Two Poems by Keith Kopka

Born and raised in Providence, Rhode Island, Keith Kopka spent many years playing in and touring with punk and hardcore bands all over the country. His poetry and criticism have recently appeared in Best New Poets, Mid-American Review, New Ohio Review, Berfrois, Ninth Letter, The International Journal of The Book, and many others. Formerly the Managing Director of the creative writing program at Florida State University, he is also the author of the critical text, Asking a Shadow to Dance: An Introduction to the Practice of Poetry (Great River Learning, 2018), and the recipient of the International Award for Excellence from the Books, Publishing, & Libraries Research Network. Kopka is a Senior Editor at Narrative Magazine, the Director of Operations for Writers Resist, and an Assistant Professor at Holy Family University in Philadelphia. The following are two poems from his collection Count Four.,  available from the University of Tampa Press:

 

Ancient Astronaut Theory

My friends’ marriages are failing
in their collective prophecy of a future
where people in love beat the natural
universal order. But isn’t it possible,
asks the omniscient voiceover,
and I’m thinking, sure,
the pyramids were built by aliens,
Adam and Eve were celestial
beings, and all of us are just
stones paving the road to a Mayan
apocalypse. My friend Don believes
he’s good at scratch tickets. I’ve
seen him scrape a whole stick figure
family off the back windshield of a
minivan. We are not alone, the voice-
over says, and the debris left by all
the weddings on Earth forms a comet
of hors d’oeuvres and cocktail
napkins barreling through the
coat check room of our singular
universe. Don declares he’s never
getting married. He’s going to ride
his scratch-off skills all the way
to the state Powerball, buy an RV,
and find the alien settlement of
Branson. I don’t believe he’ll find it,
so its existence doesn’t matter. This
is the circular logic that ignores
your spouse deadbolting the door
when you go out to investigate
the light in the backyard.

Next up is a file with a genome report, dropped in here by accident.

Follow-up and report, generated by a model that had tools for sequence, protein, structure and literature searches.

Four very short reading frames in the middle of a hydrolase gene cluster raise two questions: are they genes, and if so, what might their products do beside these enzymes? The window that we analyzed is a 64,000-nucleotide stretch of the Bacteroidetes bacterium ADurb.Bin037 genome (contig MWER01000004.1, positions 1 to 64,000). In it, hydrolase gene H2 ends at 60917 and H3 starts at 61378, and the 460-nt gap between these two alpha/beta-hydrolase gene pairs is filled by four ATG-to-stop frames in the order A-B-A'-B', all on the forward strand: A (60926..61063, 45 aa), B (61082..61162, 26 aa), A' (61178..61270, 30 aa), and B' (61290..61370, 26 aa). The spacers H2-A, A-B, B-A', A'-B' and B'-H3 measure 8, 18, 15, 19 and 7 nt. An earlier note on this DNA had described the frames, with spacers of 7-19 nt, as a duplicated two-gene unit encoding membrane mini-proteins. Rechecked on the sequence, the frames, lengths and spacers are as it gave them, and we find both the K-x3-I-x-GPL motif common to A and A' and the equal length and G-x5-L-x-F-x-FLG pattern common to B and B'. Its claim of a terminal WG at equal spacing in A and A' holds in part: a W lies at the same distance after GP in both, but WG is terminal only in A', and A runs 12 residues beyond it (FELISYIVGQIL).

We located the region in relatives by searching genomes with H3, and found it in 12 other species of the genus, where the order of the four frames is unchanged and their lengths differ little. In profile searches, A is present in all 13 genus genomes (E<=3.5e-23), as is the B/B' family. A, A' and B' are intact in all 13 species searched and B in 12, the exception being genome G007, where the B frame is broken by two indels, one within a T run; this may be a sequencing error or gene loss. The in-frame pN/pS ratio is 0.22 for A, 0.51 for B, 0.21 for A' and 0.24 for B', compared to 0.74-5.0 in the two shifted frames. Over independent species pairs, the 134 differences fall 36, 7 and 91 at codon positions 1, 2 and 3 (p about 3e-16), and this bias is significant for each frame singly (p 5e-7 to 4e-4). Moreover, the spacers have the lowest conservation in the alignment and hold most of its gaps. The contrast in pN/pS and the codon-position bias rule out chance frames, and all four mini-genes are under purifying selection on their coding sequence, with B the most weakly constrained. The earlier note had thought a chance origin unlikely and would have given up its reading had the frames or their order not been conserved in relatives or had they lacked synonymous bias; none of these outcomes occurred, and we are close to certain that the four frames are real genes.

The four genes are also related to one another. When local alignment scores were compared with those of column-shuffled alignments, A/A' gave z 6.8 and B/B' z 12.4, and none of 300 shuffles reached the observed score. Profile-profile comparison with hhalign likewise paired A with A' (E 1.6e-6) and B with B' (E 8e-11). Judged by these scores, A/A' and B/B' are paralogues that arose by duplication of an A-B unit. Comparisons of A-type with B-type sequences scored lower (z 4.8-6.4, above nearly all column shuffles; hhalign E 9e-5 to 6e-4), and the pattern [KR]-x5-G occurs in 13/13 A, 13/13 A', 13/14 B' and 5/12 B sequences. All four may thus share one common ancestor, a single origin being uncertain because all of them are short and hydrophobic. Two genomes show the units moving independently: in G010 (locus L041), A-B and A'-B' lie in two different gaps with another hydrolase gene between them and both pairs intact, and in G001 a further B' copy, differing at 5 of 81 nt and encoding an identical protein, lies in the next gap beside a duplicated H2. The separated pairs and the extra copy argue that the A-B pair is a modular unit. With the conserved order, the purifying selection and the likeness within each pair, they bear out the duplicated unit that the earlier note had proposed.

The Birds of Montreal

I reach across the brunette,
pull a napkin from the glove box
so she can blot her lips. I’ve been
in love with her since we hit
border traffic, the way she smiled
at the Mountie when he asked
why we’re visiting. She’s a painter,
her husband is a musician, and
they argue in French at the table
like I’m not there. We’re eating
poutine in a courtyard canopied
by hackberry trees. At sunset
Montreal looks like the big brick
fireplace I had in Massachusetts,
where one afternoon a tanager
glided down the open flue
and careened around the room
until it broke its neck against
the ceiling. The brunette doesn’t
touch her meal, but scoops her
hair behind her ear each time
it blows forward. The breeze
comes off the Fleuve Saint-Laurent,
the husband says in his meticulous
accent, before he pays the bill
for everyone. After dinner, we go
to a church basement to watch
him play experimental noise
for a crowd of ten hip shadows,
through a machine that makes
him look like a telephone
operator, while the brunette
and I stand in the corner, close
enough that our shoes touch.
His drone ricochets against
the ceiling and lodges in the base
of my neck. The brunette isn’t
paying attention. The show
is a success. We celebrate
at a bar lined in ostrich heads
that peer down at us as if
we’re underground. We drink
absinthe, and the husband talks
about the kids who stole a bird
from the wall, how no one ever
caught them, how he imagines
that head in the basement of a frat
with bras and panties looped
around its neck. I nod
to stop from asking him what it is
to be flightless. A waiter lights
my sugar cube. The husband toasts
me, and I tap my glass to his,
stare at the blank in the row
of ostriches. Under the table,
the brunette unfolds a napkin
on my lap, her palm holding me
through the cloth makes a slow,
migratory circuit.

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